On June 19 the NHL hosted their annual awards ceremony, and there was an impressive group of winners. I was disappointed that the Toronto Maple Leafs great, young defenseman, Morgan Rielly wasn’t a finalist for the award, but who can argue with Mark Giordano as the Norris Trophy winner? He’s a great defenseman and, at his “advanced” age of 35 years, it was a well-deserved win. I’m looking for Rielly to make another run at that prestigious award next season.
Between the NHL Awards and the NHL Entry Draft starting on Friday in Vancouver, a number of
Maple Leafs on the Trade Board
On June 18, TSN’s senior hockey reporter, Frank Seravalli, released his most recent edition of TSN’s Trade Bait Board. Of the 35 players on the list, six Maple Leafs were included.
#1: Nikita Zaitsev
At number one, and no surprise to Maple Leafs fans, was Nikita Zaitsev. He has suddenly become a hot trade commodity now that Erik Karlsson has re-signed with the San Jose Sharks, Jacob Trouba was traded to the New York Rangers by the Winnipeg Jets, and the Washington Capitals traded Matt Niskanen to the Philadelphia Flyers for Radko Gudas (the Capitals needed the cap space – no pun intended).
Zaitsev is now one of the best right-handed defensemen on the market. Last week, the question was, “Who can the Maple Leafs get to take Zaitsev?” Now the question is, “How much can the team get in return for this rare asset?”
Ironically, the Maple Leafs are desperate for a right-handed defenseman: they need Zaitsev but will likely trade him. Fortunately, the team will probably get back a good player in return.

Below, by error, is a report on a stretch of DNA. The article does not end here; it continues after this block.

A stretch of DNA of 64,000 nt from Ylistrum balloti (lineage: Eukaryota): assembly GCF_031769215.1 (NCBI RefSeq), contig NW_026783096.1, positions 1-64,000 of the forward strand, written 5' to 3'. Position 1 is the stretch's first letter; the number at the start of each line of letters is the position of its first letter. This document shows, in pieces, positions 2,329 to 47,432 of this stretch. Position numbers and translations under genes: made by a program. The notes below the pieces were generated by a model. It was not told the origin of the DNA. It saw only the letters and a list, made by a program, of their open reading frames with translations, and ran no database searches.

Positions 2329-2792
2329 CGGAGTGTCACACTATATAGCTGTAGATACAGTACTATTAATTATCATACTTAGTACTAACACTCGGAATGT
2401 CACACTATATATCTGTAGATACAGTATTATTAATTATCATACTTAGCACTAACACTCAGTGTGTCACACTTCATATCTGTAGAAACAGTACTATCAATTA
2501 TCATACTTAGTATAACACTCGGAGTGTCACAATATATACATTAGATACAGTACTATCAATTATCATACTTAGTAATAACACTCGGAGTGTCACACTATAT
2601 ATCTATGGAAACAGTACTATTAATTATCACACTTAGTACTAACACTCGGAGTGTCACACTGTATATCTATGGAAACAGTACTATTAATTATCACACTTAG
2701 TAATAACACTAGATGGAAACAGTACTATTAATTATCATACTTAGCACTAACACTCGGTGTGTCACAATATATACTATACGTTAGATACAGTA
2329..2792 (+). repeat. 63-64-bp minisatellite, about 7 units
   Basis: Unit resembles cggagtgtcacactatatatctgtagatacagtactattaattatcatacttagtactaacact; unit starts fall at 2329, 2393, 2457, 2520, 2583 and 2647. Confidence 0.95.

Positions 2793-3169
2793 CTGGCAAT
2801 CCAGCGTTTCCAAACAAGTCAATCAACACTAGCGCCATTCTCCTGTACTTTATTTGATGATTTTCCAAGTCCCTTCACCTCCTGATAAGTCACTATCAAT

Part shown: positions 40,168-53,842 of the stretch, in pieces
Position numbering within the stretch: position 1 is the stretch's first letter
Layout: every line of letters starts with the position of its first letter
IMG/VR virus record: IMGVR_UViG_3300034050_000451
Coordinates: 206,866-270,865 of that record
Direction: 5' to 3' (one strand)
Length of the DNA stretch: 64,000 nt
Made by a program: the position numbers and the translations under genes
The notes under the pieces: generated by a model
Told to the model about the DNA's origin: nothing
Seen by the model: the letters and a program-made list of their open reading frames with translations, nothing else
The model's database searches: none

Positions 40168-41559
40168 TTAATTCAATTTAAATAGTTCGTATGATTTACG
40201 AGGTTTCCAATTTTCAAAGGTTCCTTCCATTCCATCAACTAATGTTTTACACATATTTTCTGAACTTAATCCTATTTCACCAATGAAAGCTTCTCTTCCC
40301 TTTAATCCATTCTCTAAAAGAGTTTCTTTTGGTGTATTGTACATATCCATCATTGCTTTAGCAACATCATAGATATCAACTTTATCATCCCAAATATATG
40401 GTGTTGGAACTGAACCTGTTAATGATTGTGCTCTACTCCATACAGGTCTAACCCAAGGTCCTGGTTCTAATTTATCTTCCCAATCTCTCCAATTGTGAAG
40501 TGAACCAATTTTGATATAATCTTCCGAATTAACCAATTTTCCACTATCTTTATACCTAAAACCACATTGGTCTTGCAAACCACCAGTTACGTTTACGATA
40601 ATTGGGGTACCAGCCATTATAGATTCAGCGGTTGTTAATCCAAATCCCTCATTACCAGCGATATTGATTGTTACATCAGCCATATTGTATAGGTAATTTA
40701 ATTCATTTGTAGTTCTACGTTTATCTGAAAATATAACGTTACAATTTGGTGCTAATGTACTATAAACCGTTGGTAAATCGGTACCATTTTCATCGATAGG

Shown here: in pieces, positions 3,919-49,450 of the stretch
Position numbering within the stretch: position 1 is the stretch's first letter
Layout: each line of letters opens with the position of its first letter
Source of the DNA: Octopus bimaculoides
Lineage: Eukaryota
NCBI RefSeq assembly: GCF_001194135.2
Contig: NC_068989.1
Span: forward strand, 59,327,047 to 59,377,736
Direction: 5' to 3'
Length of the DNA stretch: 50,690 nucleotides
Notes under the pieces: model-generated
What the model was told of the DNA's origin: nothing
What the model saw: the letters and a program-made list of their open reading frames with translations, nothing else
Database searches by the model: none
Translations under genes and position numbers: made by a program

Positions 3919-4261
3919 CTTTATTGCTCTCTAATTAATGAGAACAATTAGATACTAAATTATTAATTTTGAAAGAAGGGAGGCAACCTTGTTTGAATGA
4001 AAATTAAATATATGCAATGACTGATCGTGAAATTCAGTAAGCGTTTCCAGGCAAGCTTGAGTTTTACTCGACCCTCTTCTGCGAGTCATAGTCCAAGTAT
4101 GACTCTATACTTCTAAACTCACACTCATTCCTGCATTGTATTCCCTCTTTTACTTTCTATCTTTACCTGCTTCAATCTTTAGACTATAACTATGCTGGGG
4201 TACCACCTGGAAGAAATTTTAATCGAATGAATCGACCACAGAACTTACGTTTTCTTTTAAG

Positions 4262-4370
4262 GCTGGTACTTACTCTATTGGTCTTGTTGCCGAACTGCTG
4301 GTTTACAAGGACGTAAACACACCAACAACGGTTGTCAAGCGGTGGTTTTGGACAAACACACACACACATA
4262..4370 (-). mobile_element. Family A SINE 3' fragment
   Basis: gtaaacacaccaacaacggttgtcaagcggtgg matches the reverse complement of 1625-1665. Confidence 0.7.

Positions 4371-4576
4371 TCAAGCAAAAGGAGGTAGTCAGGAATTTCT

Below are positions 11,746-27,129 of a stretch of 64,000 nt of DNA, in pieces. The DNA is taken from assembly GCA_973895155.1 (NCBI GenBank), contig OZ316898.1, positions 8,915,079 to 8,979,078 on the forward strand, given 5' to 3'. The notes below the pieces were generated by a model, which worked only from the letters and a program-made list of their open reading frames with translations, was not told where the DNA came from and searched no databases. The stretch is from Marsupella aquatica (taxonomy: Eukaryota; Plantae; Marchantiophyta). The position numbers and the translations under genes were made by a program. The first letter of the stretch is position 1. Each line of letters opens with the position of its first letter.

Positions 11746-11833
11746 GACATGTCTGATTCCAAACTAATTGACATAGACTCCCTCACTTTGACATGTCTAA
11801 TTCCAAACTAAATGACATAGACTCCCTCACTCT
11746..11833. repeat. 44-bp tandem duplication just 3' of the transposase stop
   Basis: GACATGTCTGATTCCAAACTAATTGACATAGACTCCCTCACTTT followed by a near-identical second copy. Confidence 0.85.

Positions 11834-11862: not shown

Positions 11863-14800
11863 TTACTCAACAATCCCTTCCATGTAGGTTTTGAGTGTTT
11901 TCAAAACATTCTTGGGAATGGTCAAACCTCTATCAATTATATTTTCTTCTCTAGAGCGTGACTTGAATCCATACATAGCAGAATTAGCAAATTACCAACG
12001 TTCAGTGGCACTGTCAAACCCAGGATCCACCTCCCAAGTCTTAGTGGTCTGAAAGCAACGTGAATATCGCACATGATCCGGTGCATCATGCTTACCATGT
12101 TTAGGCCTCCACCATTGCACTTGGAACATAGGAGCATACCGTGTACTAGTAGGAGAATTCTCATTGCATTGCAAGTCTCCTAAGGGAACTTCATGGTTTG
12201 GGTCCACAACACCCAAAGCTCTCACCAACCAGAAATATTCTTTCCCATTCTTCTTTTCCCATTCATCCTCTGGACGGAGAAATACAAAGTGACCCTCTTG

#11: Patrick Marleau
The second Maple Leafs player on the list is Patrick Marleau, who’s at number 11. Last week’s
This trade would be difficult but who knows what’s possible when general managers get creative? Karlsson’s contract limits the Sharks’ ability to take on another large salary. However, having Marleau finish his Hall-of-Fame career in front of Sharks fans must have some appeal to management.
#13: Connor Brown
The Maple Leafs’ young forward Connor Brown is listed at 13 on the Trade Bait Board. Given his scoring success both in the minors and sporadically with the Maple Leafs, another team might believe if he is given more time in the top six, he might become productive. Plus, his cap hit, at $2.1 million, isn’t onerous and because he’s only signed through 2019-20, he would be playing for his next contract. That’s motivating.
Was Brown a victim of the Maple Leafs’ great depth at forward? If a team thinks that might be the case, Brown is likely gone. I keep thinking the Edmonton Oilers might want him, if only because of his past relationship with superstar Connor McDavid when they both played with the Erie Otters. Perhaps Leafs general manager Kyle Dubas will see Brown as a draft-day trading piece for a higher pick.
#17: Garret Sparks
At number 17, is Maple Leafs backup goalie Garret Sparks. In 2017-18 he was voted AHL goalie of the year, now Sparks has fallen into a sort of goalie limbo. It will be interesting to see if there is interest in the young goalie. Both his physical and his mental game seemed to fall apart towards the end of last season, but he might be a good catch if he can rebound.